Monday, February 28, 2005

05-11 part 1, SW Colorado, Mesa Verde

Southwestern Colorado
The Four Corners area
Week 11 of 52 part 1

Mancos, Co
Echo Basin Resort and Dude Ranch
Mesa Verde

A Good Book as a Friend. One of the things I have enjoyed over the years has been to read what I originally referred to as my summer books. These would be books that I’d enjoy reading during the summer when in Florida, especially while at the beach. A number of years back I began to take interest in reading books that took place in the basic locations I would vacation. Hence, I read many Adventure/mystery books by Florida authors. In Particular, Heinsen, Randy Wayne White among others. They wrote fiction, but always based on Florida history or events that occurred in real life in Florida. Heinsen often wrote that he could never come up with the stories for his books any better that the real things that he read in our Florida papers each day or events that have shaped Florida.

Now that I’m full timing, I’ve expanded my reading to what ever region I’m currently residing in. And being that I’m out west, what better author is there than Louis L’Amour. I’m reading “Education of a Wandering Man”. The authors own story of becoming an educated man through the travel and reading that he did as a young man. Louise did not finish high school, instead decided to get his education on his own. He was a voracious reader and traveled a good bit of the world before settling down to write over 100 books mainly about the west. Louis writes about how our schools should be teaching students how to think a problem through, not just facts and figures, math and English. How to teach them to find the answers themselves and enjoy the discovery of learning.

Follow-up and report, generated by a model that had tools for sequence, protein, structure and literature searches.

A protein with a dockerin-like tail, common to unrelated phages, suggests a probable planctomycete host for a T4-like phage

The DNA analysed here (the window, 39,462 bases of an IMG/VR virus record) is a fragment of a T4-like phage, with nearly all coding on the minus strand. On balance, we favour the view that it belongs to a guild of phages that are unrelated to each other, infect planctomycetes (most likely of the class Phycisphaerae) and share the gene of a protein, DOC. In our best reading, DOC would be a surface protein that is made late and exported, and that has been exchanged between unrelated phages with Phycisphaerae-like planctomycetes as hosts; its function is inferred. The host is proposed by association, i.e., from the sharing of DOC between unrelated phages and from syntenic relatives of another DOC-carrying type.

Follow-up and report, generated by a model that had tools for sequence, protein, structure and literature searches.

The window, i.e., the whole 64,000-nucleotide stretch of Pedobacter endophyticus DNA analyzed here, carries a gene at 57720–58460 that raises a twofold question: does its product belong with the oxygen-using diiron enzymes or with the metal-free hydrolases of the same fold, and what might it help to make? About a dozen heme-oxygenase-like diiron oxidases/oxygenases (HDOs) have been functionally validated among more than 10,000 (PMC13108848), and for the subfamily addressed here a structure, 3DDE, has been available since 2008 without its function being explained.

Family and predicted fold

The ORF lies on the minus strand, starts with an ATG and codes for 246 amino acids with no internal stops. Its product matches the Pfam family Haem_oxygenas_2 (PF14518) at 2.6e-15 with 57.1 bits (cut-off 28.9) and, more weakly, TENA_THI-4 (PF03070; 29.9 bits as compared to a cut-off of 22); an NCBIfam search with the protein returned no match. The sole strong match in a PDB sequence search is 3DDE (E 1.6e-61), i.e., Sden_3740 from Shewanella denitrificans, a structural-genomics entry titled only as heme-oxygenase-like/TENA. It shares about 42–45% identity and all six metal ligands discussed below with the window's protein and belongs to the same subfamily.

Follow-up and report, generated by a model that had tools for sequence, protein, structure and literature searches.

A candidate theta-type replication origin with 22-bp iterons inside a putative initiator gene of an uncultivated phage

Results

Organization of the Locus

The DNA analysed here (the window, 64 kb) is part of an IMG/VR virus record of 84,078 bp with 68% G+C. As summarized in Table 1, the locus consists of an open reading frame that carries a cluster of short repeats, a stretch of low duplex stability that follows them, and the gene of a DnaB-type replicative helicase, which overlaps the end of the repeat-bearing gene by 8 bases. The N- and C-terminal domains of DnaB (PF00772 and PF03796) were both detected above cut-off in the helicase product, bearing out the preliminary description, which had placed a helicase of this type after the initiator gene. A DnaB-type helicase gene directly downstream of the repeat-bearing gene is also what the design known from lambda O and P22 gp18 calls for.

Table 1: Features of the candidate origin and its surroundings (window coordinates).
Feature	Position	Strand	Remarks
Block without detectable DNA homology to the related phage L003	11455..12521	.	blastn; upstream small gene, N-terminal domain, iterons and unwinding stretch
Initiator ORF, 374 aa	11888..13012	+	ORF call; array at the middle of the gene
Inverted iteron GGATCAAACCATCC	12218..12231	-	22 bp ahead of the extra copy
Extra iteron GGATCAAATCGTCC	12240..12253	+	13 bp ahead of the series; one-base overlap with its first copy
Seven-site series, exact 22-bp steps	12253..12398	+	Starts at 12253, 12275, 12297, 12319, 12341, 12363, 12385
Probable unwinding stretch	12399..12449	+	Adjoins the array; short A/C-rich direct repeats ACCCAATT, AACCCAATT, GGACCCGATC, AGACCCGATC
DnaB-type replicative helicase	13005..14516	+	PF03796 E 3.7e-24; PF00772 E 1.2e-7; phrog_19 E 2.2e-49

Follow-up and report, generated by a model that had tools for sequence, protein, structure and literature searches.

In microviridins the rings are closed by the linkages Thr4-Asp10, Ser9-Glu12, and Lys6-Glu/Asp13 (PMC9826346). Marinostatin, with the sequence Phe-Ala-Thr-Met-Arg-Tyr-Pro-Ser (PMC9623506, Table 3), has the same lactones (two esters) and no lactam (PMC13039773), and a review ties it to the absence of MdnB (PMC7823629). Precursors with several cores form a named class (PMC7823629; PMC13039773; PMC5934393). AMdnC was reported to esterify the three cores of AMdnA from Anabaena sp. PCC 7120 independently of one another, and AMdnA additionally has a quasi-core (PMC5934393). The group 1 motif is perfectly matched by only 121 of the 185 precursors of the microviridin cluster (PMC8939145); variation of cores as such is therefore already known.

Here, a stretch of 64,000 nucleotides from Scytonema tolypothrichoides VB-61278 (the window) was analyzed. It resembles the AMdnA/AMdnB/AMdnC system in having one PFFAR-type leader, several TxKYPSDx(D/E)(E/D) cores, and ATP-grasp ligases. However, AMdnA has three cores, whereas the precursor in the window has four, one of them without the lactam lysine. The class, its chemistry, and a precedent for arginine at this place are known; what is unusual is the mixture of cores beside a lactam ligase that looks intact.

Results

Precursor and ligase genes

So as you can see, along with my Roving Reports about the areas that I’m exploring in person, I’m taking along a seasoned expert on the west. Hopefully I’ll have time to read a number of other books by Louis L’Amour along the way. If anything, I read through all the pamphlets and brochures that I get from each exciting place I tour. So my mind is enriched not only with the scenery, but also by information about the areas I’m visiting.

Telluride Colorado